Steam train Oliver Cromwell attracts fans as it chugs through Harold Wood and Gidea Park
PUBLISHED: 17:55 23 February 2018 | UPDATED: 17:55 23 February 2018
A 67-year-old steam train broke down on one of its final journeys shortly after passing through Havering on Thursday.
Vintage train enthusiasts caught a glimpse of the 70013 Oliver Cromwell passing through Romford, Gidea Park and Harold Wood on its way to Norwich before it broke down near Diss in Norfolk, just seven miles from its last stop.
The 1951 locomotive, which was carrying 350 people who had paid £269 each for a luxury day out, suffered a mechanical fault en route from London Liverpool Street to Norwich.
Roger Lighterness, who took a picture of the locomotive as it passed through Harold Wood, said: “I remember going to see the Oliver Cromwell at Bressingham Steam Museum in the 1970s.
“It was great to see it, especially with Crossrail about to be completed and modern trains starting to appear.
“Many thanks to the TfL staff at the station who were very welcoming to all the spotters.”
John Cooper sent in a picture of the train at Gidea Park. He said: “It was a great sight to see an old steam locomotive pass through my local station.
“As soon as I heard that it was to pass through I just had to make the effort to get down with my camera and take a few pictures.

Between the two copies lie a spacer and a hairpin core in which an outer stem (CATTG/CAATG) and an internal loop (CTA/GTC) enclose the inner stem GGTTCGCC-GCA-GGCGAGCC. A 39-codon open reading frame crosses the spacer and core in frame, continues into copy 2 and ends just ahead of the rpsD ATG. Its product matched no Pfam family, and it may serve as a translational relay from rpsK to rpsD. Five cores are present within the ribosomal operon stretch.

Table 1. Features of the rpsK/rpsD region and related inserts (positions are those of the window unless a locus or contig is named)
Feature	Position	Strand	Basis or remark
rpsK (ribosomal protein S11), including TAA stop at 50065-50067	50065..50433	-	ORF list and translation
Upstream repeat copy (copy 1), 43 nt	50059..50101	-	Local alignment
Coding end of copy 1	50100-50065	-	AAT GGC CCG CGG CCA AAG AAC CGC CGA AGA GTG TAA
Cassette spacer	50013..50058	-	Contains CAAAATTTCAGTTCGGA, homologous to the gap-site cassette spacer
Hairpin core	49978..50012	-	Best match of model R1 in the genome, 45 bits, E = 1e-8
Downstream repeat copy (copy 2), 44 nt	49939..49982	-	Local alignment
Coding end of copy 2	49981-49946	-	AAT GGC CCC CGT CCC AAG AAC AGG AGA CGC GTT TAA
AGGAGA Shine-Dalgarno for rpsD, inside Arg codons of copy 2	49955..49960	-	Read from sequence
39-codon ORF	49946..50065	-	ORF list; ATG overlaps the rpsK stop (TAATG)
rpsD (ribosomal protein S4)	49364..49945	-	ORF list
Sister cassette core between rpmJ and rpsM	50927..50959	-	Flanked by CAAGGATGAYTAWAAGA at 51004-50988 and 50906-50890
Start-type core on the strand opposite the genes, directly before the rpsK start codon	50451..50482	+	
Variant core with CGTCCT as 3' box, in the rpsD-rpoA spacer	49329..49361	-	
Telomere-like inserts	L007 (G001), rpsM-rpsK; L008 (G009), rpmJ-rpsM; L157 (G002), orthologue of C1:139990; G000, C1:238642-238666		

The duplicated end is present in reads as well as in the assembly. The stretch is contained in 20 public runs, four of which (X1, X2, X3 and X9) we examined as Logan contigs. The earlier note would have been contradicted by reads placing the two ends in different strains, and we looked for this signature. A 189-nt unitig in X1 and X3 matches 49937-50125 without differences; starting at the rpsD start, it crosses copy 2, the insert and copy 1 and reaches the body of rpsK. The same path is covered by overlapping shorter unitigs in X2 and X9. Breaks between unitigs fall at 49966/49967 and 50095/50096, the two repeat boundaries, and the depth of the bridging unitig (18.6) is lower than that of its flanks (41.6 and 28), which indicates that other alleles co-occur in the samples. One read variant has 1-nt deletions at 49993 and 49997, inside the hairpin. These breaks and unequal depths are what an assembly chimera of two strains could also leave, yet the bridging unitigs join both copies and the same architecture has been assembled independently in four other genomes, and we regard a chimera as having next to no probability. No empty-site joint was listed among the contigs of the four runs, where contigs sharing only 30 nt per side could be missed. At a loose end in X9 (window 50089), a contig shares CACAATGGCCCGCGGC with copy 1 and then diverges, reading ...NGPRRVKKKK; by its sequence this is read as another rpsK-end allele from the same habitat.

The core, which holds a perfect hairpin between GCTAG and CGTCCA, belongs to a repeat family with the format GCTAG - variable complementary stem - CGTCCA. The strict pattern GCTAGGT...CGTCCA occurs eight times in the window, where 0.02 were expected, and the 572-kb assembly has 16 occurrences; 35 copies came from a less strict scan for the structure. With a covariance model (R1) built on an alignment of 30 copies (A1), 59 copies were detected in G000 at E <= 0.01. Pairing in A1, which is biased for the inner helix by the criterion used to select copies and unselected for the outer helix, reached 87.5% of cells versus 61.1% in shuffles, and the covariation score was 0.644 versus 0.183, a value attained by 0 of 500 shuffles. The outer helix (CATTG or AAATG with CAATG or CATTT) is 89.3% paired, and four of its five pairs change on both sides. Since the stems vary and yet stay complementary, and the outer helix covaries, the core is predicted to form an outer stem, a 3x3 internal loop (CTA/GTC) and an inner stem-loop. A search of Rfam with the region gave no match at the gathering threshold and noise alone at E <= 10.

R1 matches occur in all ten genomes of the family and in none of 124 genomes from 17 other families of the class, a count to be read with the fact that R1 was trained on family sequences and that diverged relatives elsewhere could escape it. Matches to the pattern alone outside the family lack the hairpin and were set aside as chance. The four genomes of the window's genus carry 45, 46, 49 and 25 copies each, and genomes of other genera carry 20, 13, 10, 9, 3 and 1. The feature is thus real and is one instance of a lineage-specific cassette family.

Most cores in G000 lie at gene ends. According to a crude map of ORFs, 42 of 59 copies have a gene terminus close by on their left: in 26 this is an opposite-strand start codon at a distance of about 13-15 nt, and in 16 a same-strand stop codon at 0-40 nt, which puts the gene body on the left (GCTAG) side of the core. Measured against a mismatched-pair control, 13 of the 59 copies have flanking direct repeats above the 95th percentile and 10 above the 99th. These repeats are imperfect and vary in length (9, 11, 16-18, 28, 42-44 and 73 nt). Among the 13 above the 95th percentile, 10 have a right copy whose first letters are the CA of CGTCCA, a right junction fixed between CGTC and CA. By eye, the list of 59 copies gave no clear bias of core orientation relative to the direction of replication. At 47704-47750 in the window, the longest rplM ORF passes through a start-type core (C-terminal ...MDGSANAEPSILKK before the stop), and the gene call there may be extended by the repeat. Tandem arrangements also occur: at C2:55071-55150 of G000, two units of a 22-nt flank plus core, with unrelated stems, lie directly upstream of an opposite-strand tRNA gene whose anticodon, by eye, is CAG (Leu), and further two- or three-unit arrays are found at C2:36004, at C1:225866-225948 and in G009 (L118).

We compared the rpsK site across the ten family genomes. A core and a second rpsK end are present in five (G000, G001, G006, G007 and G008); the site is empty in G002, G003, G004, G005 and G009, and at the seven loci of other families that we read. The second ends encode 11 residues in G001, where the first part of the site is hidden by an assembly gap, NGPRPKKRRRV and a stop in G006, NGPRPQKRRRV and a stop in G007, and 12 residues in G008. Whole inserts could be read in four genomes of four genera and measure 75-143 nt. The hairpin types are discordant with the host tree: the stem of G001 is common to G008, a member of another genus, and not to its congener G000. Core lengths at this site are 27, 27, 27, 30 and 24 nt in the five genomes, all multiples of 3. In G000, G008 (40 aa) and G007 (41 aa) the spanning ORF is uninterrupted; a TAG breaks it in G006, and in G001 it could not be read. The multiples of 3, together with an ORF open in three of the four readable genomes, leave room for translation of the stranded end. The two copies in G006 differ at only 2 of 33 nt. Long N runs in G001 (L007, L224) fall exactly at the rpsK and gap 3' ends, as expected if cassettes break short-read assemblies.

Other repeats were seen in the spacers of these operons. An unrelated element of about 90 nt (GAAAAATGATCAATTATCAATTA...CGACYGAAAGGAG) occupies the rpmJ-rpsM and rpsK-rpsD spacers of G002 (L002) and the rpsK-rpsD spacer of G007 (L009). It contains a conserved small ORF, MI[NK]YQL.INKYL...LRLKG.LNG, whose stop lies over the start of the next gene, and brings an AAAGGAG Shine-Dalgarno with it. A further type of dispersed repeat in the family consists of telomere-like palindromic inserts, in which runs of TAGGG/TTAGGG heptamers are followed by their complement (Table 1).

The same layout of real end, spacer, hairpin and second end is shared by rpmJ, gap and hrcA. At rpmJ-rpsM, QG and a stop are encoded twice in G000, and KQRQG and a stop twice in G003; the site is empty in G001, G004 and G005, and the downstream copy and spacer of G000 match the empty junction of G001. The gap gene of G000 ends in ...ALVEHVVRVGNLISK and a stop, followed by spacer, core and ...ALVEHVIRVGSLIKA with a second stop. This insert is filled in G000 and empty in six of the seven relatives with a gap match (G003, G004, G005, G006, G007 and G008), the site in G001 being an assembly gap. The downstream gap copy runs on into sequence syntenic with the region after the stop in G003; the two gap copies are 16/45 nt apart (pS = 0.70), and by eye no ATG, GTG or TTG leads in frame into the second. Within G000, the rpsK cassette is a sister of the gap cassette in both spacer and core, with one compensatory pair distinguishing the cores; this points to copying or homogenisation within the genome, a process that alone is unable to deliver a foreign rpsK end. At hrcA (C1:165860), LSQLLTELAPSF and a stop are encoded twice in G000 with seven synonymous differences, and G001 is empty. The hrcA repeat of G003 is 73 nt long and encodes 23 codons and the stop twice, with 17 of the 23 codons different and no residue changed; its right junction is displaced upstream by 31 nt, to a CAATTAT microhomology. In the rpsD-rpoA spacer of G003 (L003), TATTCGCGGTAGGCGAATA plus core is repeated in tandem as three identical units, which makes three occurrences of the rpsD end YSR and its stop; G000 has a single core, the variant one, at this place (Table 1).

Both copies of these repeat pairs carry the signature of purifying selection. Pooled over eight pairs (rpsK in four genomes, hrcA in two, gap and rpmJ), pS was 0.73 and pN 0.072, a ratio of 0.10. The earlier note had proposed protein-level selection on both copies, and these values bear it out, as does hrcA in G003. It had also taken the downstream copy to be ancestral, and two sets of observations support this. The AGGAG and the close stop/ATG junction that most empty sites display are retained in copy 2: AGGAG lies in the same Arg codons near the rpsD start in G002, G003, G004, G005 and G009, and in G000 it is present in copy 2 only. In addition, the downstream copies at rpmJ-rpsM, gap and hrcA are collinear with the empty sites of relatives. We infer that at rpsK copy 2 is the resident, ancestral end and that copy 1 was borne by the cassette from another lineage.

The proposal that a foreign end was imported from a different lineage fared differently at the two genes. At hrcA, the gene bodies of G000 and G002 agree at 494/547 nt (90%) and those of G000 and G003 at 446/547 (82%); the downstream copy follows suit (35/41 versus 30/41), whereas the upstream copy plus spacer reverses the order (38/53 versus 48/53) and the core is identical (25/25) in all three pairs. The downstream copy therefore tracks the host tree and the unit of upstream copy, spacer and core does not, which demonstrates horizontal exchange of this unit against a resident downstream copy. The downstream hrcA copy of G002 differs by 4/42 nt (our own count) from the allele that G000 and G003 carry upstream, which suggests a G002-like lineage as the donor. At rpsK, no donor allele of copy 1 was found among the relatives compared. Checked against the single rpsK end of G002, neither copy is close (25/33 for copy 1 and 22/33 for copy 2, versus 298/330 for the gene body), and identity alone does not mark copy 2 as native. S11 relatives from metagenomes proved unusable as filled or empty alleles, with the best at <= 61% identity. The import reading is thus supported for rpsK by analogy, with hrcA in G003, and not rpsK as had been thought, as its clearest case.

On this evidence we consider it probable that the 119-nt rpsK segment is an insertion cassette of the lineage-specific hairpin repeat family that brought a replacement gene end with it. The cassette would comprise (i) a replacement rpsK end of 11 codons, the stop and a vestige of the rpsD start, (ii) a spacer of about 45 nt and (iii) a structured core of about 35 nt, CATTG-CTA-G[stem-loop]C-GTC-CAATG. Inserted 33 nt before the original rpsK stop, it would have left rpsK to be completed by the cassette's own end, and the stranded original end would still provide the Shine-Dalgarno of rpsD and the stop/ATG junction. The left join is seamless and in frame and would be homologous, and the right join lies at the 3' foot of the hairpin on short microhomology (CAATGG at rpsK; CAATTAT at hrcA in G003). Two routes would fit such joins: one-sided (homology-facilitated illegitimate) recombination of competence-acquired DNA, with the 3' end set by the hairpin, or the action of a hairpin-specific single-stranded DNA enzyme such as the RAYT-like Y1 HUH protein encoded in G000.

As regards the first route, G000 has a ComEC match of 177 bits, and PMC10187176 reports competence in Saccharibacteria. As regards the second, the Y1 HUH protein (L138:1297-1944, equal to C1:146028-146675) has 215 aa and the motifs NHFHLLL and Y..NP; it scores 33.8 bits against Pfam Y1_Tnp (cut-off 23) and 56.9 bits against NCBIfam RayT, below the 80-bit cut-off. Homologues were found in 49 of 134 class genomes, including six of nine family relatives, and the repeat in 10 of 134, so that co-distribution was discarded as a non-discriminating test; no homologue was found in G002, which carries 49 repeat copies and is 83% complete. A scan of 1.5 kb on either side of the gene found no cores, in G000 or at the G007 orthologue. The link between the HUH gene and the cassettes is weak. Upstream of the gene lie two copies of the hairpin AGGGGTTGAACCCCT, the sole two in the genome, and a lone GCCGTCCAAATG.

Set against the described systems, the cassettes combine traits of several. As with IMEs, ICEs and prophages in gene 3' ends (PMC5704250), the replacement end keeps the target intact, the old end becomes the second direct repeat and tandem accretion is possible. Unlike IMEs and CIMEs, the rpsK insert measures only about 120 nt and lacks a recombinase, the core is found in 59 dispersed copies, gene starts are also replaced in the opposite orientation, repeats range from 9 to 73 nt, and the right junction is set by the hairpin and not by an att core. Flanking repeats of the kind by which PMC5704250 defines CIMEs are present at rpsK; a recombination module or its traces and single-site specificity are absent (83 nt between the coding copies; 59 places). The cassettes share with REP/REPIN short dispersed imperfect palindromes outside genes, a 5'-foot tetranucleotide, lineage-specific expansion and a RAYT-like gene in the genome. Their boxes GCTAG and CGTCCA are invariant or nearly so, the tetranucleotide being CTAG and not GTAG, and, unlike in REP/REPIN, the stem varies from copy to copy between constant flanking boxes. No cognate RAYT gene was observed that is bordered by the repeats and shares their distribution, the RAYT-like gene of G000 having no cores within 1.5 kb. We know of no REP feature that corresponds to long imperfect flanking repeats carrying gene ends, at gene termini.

“You could see the steam billowing from its chimney and its horn sounding as it came around the bend and under the bridge.
“I was surprised at the length of the train and its speed.
“I was not totally surprised to hear it had broken down as it did have a diesel engine tagged on the end as a back-up and I had already read reports of this train and other similar locomotives breaking down on previous trips.
The train, which has spent much of its life travelling between London and East Anglia, is preparing for retirement and has two more journeys left before its certificate expires.
Marcus Robertson, chairman of Steam Dreams, the company which gave train enthusiasts a trip on locomotive’s final journey in its home area, said: “It was disappointing that it broke down but it was a nice day and most of the people onboard were steam fans so they understood these things can go wrong.
“Luckily we had a 60-year-old diesel engine with us which was there to take the train up to the buffers in Liverpool Street.”
The diesel engine helped the Oliver Cromwell into Norwich station 45 minutes late yesterday.
It will be retired after its final journeys in Wales and York but Marcus said enthusiasts are hopeful of getting the train running again in a few years.